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Thread: "inner SELECT"

  1. #1
    Join Date
    Feb 2003
    Location
    Hanoi, VIETNAM
    Posts
    1

    Cool Unanswered: "inner SELECT"

    Hi everybody!

    I'm brand new to MS SQL Server,

    Can you give me some examples of "Inner SELECT"?

    Regards,
    alias 939

  2. #2
    Join Date
    Oct 2001
    Location
    England
    Posts
    426
    Nope.
    Select
    or
    Inner join

    No such thing as inner select.

    It's covered well with examples in bol.

    select a.col1, b.col2
    from tbl1 a
    inner join tbl2 b
    on a.pk = b.fk

  3. #3
    Join Date
    Mar 2003
    Posts
    2

    Cool Re: "inner SELECT"

    SELECT will retireve your data from the DB. The effective format is "SELECT <What - Field Name or Names separated by comma> FROM <Which DB/Table> WHERE <Conditions for filtering results, such as particular field = something> ORDER BY <How you want it sorted when it;s output>"

    On the other hand, JOIN is used when you need to work with data across two or more tables. The effective format is "SELECT <What> FROM <First DB/Table Name> JOIN <Second DB/Table Name> ON <Condition that links the first and second table together> WHERE <Condition for filtering the results> ORDER BY <Sorting order>

    For example, I have one table called EMPLOYEES that holds ID, NAME, POSITION_ID and another table called POSITIONS that holds ID, POSITION_NAME. Now, the POSITION_ID in the EMPLOYEES table refers to the ID in the POSITIONS table. So, to get the list of all employee names and their positions, I would write:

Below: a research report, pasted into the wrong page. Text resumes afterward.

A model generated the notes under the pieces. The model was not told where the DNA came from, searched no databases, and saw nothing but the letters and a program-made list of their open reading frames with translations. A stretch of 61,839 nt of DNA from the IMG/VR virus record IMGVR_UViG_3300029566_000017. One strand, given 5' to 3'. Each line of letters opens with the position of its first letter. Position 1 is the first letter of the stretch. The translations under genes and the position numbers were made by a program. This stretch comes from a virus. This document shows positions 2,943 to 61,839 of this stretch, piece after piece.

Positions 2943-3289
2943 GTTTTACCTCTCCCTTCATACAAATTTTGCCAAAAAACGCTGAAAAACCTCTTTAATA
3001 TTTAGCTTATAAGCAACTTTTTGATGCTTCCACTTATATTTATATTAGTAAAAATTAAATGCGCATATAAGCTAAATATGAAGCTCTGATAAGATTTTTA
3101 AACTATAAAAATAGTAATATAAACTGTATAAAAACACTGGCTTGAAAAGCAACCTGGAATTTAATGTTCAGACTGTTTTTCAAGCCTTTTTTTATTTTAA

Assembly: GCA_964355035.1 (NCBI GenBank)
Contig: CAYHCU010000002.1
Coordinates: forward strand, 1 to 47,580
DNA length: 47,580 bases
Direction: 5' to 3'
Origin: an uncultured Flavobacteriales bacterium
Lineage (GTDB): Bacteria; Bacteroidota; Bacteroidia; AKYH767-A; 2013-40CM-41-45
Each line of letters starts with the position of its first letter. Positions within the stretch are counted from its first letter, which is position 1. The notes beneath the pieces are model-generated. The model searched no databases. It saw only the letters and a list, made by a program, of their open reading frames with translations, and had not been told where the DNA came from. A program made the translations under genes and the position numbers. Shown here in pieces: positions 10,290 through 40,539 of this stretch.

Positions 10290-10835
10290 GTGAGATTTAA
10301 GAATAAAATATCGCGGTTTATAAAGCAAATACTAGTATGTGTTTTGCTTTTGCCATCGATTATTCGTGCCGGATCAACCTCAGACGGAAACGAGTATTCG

SELECT NAME, POSITION_NAME
    FROM EMPLOYEES
    JOIN POSITIONS ON EMPLOYEES.POSITIONID = POSITIONS.ID
    ORDER BY NAME, POSITION_NAME

    Notice I have skipped WHERE altogether (WHERE and ORDER BY are optional. Ther are plenty more options, see help)

    Also notice my SELECT statement contains field names from both tables - possible thanks to JOIN-ing them in the third row.

    Note also that if field names repeat in the joined tables you need to clarify your reference. For example, I could have written the above as:

    SELECT EMPLOYEES.NAME, POSITIONS.POSITION_NAME
    FROM ...

    Of course, this could be tedious, right? So what you can do is to assign alias to the tables / databases you deal with. In the above example:

    SELECT E.NAME, P.POSITION_NAME
    FROM EMPLOYEES E
    JOIN POSITIONS P ON E.POSITIONID = P.ID
    ORDER BY NAME, POSITION_NAME

    Notice how I put EMPLOYEES E and POSITIONS P in the above command. Effectively I assigned "E" to be alias for EMPLOYEES and "P" to be alias for POSITIONS, and so in the futre I only need to refer to these tables via this alias.

    Finally, to make the thing complete, you can have more than one type of JOIN - INNER JOIN, LEFT JOIN, RIGHT JOIN and OUTER JOIN. I'll let you browse through help for these.

    Hope this helps.

    Cheers,

    V

    Originally posted by thebitwriter
    Hi everybody!

    I'm brand new to MS SQL Server,

    Can you give me some examples of "Inner SELECT"?

    Regards,
    alias 939

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